No new contracts, no evictions, while the Site C dam faces review


June 1, 2017

VANCOUVER—BC Hydro must not award any new dam contracts before the BC Utilities Commission concludes its review of the Site C dam, say a broad coalition of citizens’ and environmental groups across BC and Canada. Given the current uncertainty over Site C’s fate, BC Hydro must put a pause on evictions and damage to First Nations heritage sites.

“The incumbent government has no mandate to push Site C further, since the government-in-waiting has committed to a review of the project by the BC Utilities Commission,” stated Morag Keegan-Henry with the Lower Mainland group FightC.

A new $2 billion contract for a generating station, powerhouse and spillways was expected in 2017, but has not yet been signed with any of the four shortlisted proponents. There have been many on-site problems and non-compliance issues. In February, for example, a huge tension crack suddenly appeared in the slide-prone banks of the Peace River. The river is named after a historical peace agreement between the Cree and Dunneza peoples of Treaty 8 territory.

“BC Hydro could make a ‘business as usual’ announcement about the $2 billion contract as early as July 2017. This is something that the NDP and the Greens must prevent,” according to George Smith with the Alliance 4 Democracy on the Sunshine Coast. “This white elephant must be stopped in its expensive, wasteful tracks.”

The Boon and Meek families in the Peace have had their evictions postponed till the end of June, but if road realignment work continues, they remain in danger of losing their homes. “Multi-generational farm families still face eviction this summer under the dam’s rushed timelines,” said Andrea Morison of the Peace Valley Environment Association. “No one should be evicted from their homes until the BCUC has completed its work.”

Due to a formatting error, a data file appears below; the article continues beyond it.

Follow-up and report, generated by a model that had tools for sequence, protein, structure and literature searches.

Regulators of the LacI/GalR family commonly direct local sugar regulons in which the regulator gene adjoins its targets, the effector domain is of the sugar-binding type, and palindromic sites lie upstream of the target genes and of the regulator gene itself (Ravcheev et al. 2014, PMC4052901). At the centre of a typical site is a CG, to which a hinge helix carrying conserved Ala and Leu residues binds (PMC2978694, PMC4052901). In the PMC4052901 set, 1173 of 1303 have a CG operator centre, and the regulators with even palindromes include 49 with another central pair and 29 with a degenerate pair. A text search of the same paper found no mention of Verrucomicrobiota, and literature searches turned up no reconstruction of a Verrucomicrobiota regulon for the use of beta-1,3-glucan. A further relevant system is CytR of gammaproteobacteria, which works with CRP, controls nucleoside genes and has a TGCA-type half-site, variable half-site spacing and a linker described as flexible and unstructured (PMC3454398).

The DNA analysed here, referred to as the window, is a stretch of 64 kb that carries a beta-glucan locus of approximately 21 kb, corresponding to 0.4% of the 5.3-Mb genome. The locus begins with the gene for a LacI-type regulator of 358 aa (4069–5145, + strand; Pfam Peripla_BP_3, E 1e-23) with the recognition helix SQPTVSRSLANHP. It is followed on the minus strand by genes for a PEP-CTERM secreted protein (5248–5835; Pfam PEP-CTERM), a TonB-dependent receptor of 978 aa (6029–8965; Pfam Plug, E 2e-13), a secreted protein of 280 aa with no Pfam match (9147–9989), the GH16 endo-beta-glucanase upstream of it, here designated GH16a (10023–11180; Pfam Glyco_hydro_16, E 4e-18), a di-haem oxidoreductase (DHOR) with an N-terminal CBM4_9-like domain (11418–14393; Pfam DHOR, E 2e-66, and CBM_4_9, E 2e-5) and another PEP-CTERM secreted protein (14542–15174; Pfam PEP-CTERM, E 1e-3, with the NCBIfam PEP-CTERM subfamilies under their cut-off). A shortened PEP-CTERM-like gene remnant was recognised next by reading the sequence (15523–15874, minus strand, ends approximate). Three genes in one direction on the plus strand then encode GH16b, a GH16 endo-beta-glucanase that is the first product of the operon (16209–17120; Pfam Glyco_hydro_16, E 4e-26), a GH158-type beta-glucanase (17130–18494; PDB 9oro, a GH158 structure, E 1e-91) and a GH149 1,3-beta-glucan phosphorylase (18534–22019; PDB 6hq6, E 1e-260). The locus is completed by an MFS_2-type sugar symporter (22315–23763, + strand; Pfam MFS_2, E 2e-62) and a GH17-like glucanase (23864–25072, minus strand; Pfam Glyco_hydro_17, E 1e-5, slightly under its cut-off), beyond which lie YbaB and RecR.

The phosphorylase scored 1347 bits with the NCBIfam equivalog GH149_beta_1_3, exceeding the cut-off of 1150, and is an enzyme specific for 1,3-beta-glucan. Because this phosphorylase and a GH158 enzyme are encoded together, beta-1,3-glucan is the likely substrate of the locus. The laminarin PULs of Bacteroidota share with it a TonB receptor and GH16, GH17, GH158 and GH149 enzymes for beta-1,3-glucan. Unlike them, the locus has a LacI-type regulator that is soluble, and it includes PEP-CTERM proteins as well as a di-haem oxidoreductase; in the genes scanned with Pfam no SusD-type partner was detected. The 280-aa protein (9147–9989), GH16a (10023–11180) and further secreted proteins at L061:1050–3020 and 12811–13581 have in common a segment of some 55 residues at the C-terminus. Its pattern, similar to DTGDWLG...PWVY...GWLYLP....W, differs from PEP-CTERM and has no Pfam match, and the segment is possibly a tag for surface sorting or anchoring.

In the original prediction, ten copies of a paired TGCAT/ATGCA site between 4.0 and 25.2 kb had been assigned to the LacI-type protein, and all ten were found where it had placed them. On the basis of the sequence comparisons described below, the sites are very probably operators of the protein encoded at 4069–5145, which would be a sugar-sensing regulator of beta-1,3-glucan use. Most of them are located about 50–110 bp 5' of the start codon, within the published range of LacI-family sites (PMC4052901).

Craig Benjamin of Amnesty International pointed out, “Even if the BCUC review is expedited, devastating harms to farming families and First Nations will still result unless the dam’s planned schedule is suspended during the review. In particular, no activities should be permitted that would cause irreversible harm to First Nations’ grave sites and other cultural heritage.”

“Given the incoming government’s commitment to the UN Declaration on the Rights of Indigenous Peoples, the calls-to-action of the Truth and Reconciliation Commission and the Tsilhqot’in Supreme Court decision, First Nations’ concerns must be honoured,” added Joe Foy of the Wilderness Committee.  “BC Hydro should suspend activities that are destructive to the Peace River Valley.”

“As the province moves forward with the BC Utilities Commission review, activities on the dam site should be limited to environmental monitoring and addressing impacts such as those related to minimizing silt leakage, sedimentation, and slope stability,” suggested Candace Batycki, Program Director of the Yellowstone to Yukon Conservation Initiative.

“The current government has no social license to authorize BC Hydro to award new contracts,” said Tim Pearson of Sierra Club BC. “The results of the election clearly show the voters have serious concerns about Site C, and those concerns must be honoured by the incumbent government.”


For more information contact:

George Smith, Alliance 4 Democracy  604.989.5094

Andrea Morison, Peace Valley Environment Association  250.793.7279

Joe Foy, National Campaign Director, Wilderness Committee  604.880.2580

Tim Pearson, Communications Director, Sierra Club BC  250.896.1556

Document: Media release